Site navigation (main menu).

Is solar energy still a good investment?

A report released this month on the best practices for solar panel manufacturers in regards to employee safety and environmental concerns found that solar photovoltaic companies are ahead of the curve.

As You Sow works in corporate responsibility, researches company practices and shares findings with shareholders.

Solar-nay-sayers have been known to argue that solar panels take more energy to manufacture than they produce, for example.

“That’s just not true,” said Amy Galland, author of the Clean & Green Best Practices in Photovoltaics report. “The energy pay-back time for solar is 1. low and 2. shrinking.”

It takes about a year for a solar crystalline panel to produce as much power as it took to make it. That’s just six to eight months for thin-film, Galland said.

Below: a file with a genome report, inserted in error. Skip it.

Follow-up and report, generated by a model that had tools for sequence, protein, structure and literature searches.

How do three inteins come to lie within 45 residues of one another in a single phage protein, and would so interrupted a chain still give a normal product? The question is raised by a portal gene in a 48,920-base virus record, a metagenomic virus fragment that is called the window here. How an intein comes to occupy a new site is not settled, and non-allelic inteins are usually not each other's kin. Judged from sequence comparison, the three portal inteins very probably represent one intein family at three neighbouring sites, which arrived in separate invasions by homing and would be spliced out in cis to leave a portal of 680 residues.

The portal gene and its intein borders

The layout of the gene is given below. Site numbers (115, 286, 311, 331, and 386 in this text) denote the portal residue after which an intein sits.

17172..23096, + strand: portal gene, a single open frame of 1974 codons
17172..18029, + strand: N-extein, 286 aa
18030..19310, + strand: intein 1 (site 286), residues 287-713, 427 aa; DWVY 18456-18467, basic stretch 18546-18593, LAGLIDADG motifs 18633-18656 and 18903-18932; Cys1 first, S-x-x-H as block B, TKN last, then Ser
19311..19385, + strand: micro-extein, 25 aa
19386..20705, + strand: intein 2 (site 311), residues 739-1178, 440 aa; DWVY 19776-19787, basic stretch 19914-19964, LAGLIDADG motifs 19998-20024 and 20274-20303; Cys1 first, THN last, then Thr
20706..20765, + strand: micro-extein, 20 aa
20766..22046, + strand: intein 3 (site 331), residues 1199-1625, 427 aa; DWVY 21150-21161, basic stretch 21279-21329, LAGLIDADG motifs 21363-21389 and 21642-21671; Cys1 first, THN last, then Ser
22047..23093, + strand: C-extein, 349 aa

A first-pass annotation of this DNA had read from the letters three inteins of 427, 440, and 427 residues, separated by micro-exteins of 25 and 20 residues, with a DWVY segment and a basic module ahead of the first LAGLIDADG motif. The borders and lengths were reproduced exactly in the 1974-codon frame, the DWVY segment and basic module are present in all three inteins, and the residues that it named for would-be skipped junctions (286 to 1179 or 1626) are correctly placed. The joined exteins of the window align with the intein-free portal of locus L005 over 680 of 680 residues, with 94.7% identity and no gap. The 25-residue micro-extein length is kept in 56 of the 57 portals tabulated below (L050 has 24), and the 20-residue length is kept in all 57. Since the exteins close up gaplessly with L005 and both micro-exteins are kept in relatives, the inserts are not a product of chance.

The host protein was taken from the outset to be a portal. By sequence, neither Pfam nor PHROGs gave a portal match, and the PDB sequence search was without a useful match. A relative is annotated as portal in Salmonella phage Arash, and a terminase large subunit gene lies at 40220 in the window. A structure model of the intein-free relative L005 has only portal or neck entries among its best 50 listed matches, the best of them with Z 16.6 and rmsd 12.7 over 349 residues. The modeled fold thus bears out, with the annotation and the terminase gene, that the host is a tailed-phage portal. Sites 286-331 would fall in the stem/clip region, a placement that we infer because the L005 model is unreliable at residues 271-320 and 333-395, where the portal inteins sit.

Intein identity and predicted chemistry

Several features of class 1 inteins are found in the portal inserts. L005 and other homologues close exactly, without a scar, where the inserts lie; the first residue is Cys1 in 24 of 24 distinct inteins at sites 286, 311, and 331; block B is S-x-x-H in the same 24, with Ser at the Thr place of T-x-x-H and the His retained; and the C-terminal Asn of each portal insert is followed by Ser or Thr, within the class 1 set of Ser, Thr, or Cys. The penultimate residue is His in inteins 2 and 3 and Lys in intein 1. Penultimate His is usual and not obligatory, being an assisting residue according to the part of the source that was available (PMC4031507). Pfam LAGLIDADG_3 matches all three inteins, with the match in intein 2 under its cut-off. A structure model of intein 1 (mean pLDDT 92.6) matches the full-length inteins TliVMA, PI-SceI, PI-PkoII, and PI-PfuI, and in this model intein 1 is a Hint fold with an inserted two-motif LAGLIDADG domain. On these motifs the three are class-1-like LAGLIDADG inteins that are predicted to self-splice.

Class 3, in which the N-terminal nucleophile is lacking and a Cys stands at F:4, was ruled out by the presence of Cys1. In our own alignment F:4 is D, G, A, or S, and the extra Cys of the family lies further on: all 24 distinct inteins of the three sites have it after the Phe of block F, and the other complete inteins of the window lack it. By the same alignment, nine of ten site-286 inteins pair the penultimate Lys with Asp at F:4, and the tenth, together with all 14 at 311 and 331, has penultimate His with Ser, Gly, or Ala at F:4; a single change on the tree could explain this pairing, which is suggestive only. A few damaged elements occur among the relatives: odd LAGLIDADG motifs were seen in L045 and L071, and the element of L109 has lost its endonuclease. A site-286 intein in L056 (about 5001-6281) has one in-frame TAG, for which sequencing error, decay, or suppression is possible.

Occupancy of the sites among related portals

“The pay back is very short,” she said. “And after that first year it then creates electricity for another 30 years with no emissions.”

Beyond a short energy payback period, solar companies seem to be acting socially and environmentally responsible, according to the report—though there is always room for improvement

“What stood out to me is just how much the solar industry is already doing,” Galland said. “The industry is aware of issues and is investing in solutions. That would be different from the utilities who are aware of issues and are investing in lobbyists.”

Solar panel producers are building plants in places where they can access reliable, clean power. And if they have to set up in a coal-fired state, they tend to clad their buildings in their product so they can produce their own clean power.

Companies like SunPower tie executive compensation to environmental performance factors, Galland said. That’s a move that’s ahead of its time.

Companies are even working with their silicon suppliers to reduce waste, she said.

“The industry seems to have learned from its predecessors,” she said.

Article by Amanda H Millar for

Published on: 28 Feb 2012